Skip to main content

Magnetic resonance imaging, computed tomography, and 68Ga-DOTATOC positron emission tomography for imaging skull base meningiomas with infracranial extension treated with stereotactic radiotherapy - a case series



Magnetic resonance imaging (MRI) and computed tomography (CT) with 68Ga-DOTATOC positron emission tomography (68Ga-DOTATOC-PET) were compared retrospectively for their ability to delineate infracranial extension of skull base (SB) meningiomas treated with fractionated stereotactic radiotherapy.


Fifty patients with 56 meningiomas of the SB underwent MRI, CT, and 68Ga-DOTATOC PET/CT prior to fractionated stereotactic radiotherapy. The study group consisted of 16 patients who had infracranial meningioma extension, visible on MRI ± CT (MRI/CT) or PET, and were evaluated further. The respective findings were reviewed independently, analyzed with respect to correlations, and compared with each other.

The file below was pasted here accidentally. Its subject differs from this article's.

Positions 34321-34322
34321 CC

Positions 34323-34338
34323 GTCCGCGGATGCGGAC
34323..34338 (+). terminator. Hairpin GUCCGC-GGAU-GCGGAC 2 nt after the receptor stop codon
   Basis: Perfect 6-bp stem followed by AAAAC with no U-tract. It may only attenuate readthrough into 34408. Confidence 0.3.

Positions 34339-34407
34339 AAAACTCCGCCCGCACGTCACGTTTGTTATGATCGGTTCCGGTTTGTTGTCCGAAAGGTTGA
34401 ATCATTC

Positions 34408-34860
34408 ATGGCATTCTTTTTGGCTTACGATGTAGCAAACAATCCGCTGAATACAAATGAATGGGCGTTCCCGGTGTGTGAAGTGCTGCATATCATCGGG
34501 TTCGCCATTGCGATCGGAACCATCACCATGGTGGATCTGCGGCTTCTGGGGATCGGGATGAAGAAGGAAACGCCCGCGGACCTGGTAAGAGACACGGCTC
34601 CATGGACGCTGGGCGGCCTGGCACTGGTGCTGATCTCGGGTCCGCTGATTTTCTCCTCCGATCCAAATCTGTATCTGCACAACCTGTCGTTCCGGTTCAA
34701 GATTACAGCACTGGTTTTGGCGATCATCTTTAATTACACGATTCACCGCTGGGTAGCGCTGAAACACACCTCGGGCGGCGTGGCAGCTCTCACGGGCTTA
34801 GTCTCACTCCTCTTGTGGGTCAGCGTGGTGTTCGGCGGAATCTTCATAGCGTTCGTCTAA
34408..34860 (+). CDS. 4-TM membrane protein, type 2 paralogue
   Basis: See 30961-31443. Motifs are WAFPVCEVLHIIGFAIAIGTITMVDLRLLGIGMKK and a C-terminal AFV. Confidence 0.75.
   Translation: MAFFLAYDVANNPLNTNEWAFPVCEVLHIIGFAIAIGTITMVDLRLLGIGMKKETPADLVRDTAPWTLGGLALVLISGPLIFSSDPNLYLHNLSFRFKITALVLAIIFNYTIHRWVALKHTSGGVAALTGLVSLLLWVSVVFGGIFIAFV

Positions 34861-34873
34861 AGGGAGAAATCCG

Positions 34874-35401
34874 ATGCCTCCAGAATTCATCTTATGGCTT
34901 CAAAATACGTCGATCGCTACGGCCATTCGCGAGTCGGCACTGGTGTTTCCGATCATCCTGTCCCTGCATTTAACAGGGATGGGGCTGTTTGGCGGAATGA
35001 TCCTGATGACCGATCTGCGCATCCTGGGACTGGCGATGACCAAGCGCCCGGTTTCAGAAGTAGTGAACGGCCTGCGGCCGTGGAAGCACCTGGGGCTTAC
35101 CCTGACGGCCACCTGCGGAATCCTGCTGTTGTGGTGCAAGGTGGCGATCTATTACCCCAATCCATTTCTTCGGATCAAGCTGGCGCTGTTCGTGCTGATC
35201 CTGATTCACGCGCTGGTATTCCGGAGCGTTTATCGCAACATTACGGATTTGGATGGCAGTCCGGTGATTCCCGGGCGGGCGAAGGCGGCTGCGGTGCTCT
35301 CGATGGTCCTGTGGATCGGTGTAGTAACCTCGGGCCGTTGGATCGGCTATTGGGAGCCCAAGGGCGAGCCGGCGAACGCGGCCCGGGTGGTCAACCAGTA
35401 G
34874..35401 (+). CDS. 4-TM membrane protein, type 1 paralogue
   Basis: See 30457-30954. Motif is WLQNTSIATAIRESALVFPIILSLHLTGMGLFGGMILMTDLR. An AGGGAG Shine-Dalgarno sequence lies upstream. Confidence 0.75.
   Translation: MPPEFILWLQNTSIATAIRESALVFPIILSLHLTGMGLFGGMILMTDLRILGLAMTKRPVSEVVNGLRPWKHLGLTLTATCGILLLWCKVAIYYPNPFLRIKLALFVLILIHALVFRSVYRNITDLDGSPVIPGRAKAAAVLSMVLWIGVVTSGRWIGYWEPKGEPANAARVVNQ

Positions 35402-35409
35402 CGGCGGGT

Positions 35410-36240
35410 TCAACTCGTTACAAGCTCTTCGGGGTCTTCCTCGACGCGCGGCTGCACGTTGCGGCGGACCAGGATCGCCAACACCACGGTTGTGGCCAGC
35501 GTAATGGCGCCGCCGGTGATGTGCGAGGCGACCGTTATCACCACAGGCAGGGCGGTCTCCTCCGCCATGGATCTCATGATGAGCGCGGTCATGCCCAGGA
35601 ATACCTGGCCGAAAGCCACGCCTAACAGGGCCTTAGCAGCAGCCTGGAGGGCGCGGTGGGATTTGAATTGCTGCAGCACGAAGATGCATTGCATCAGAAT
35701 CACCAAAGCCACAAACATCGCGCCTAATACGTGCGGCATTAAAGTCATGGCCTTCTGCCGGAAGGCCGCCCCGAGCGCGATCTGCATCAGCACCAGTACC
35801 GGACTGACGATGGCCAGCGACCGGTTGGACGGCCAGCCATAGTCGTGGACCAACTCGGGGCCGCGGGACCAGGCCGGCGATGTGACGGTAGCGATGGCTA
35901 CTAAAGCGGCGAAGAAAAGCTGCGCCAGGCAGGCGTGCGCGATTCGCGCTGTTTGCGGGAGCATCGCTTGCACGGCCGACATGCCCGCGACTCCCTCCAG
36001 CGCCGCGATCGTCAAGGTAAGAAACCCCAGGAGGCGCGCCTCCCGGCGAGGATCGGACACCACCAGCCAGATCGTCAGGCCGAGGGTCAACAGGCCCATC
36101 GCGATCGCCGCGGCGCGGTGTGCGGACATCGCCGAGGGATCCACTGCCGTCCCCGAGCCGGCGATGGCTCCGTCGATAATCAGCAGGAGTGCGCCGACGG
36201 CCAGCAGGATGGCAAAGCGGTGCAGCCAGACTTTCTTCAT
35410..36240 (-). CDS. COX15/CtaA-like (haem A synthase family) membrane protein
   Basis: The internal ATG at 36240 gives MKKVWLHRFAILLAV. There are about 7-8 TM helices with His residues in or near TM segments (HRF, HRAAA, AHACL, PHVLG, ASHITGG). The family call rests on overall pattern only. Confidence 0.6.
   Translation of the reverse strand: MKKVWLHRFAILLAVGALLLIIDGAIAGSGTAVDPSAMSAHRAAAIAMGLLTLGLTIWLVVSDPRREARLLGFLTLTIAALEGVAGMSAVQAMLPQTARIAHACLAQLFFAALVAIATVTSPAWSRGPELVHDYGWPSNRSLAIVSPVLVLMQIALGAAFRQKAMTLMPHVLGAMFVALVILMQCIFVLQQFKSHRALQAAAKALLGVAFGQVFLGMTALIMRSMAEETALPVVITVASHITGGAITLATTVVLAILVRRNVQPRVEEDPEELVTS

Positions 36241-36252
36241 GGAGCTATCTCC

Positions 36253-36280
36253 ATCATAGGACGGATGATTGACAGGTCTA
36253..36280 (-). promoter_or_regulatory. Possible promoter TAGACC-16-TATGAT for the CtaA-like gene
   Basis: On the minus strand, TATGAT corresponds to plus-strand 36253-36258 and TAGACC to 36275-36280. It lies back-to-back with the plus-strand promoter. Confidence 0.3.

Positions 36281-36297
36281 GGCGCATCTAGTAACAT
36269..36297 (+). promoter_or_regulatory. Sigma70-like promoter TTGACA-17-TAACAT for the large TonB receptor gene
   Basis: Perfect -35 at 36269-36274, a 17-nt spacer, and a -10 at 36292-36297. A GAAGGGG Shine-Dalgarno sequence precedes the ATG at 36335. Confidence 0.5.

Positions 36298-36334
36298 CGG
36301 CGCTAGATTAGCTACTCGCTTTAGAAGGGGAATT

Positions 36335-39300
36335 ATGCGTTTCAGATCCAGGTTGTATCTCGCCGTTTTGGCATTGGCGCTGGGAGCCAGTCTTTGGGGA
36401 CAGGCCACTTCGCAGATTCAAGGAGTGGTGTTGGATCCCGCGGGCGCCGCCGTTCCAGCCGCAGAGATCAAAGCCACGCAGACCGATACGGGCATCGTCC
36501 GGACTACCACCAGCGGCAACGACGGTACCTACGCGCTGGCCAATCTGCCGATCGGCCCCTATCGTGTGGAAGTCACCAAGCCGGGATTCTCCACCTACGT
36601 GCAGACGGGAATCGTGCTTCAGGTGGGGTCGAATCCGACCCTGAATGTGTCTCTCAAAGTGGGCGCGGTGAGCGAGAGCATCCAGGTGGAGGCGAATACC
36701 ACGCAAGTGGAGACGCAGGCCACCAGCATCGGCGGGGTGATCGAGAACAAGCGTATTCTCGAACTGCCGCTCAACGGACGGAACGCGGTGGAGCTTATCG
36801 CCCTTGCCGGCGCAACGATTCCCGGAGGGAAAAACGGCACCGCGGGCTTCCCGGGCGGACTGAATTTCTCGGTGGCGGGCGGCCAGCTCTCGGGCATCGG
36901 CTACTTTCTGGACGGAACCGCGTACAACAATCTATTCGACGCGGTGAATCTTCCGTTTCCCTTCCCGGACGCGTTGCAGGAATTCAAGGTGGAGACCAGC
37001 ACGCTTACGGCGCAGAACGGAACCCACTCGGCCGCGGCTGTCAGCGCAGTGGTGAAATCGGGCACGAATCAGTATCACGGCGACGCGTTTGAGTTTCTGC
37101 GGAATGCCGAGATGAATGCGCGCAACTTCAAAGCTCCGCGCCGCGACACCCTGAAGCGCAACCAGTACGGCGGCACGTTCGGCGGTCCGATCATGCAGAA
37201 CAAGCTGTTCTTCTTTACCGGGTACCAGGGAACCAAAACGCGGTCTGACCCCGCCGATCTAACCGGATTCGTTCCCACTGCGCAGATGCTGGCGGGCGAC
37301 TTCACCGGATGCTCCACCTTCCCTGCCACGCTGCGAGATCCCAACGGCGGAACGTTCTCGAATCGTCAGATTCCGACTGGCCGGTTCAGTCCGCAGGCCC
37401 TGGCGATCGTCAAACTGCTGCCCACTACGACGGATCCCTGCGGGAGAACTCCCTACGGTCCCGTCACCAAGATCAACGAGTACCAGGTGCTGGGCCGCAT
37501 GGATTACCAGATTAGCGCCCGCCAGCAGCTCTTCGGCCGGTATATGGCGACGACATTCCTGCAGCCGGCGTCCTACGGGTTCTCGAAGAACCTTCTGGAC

Within the study group, SB transgression was associated with bony changes visible by CT in 14 patients (81%). Tumorous changes of the foramen ovale and rotundum were evident in 13 and 8 cases, respectively, which were accompanied by skeletal muscular invasion in 8 lesions. We analysed six designated anatomical sites of the SB in each of the 16 patients. Of the 96 sites, 42 had infiltration that was delineable by MRI/CT and PET in 35 cases and by PET only in 7 cases. The mean infracranial volume that was delineable in PET was 10.1 ± 10.6 cm3, which was somewhat larger than the volume detectable in MRI/CT (8.4 ± 7.9 cm3).


68Ga-DOTATOC-PET allows detection and assessment of the extent of infracranial meningioma invasion. This method seems to be useful for planning fractionated stereotactic radiation when used in addition to conventional imaging modalities that are often inconclusive in the SB region.

Peer Review reports


Meningiomas are common intracranial tumours with 25 to 30% located at the skull base (SB) [1]. When originating from the anterior clinoid process or medial sphenoid wing, they have an increased propensity to invade bone [2], which is a strong risk factor for recurrence [3]. Meningiomas in this location tend to progress transcranially or invade the infracranial spaces via natural openings [2, 4] and recur in up to 45% of cases after surgery [5]. There is a strong correlation between the extent of resection and rate of recurrence [6]; therefore, accurate determination of tumour extension is critical for planning the magnitude of surgery and/or radiotherapy.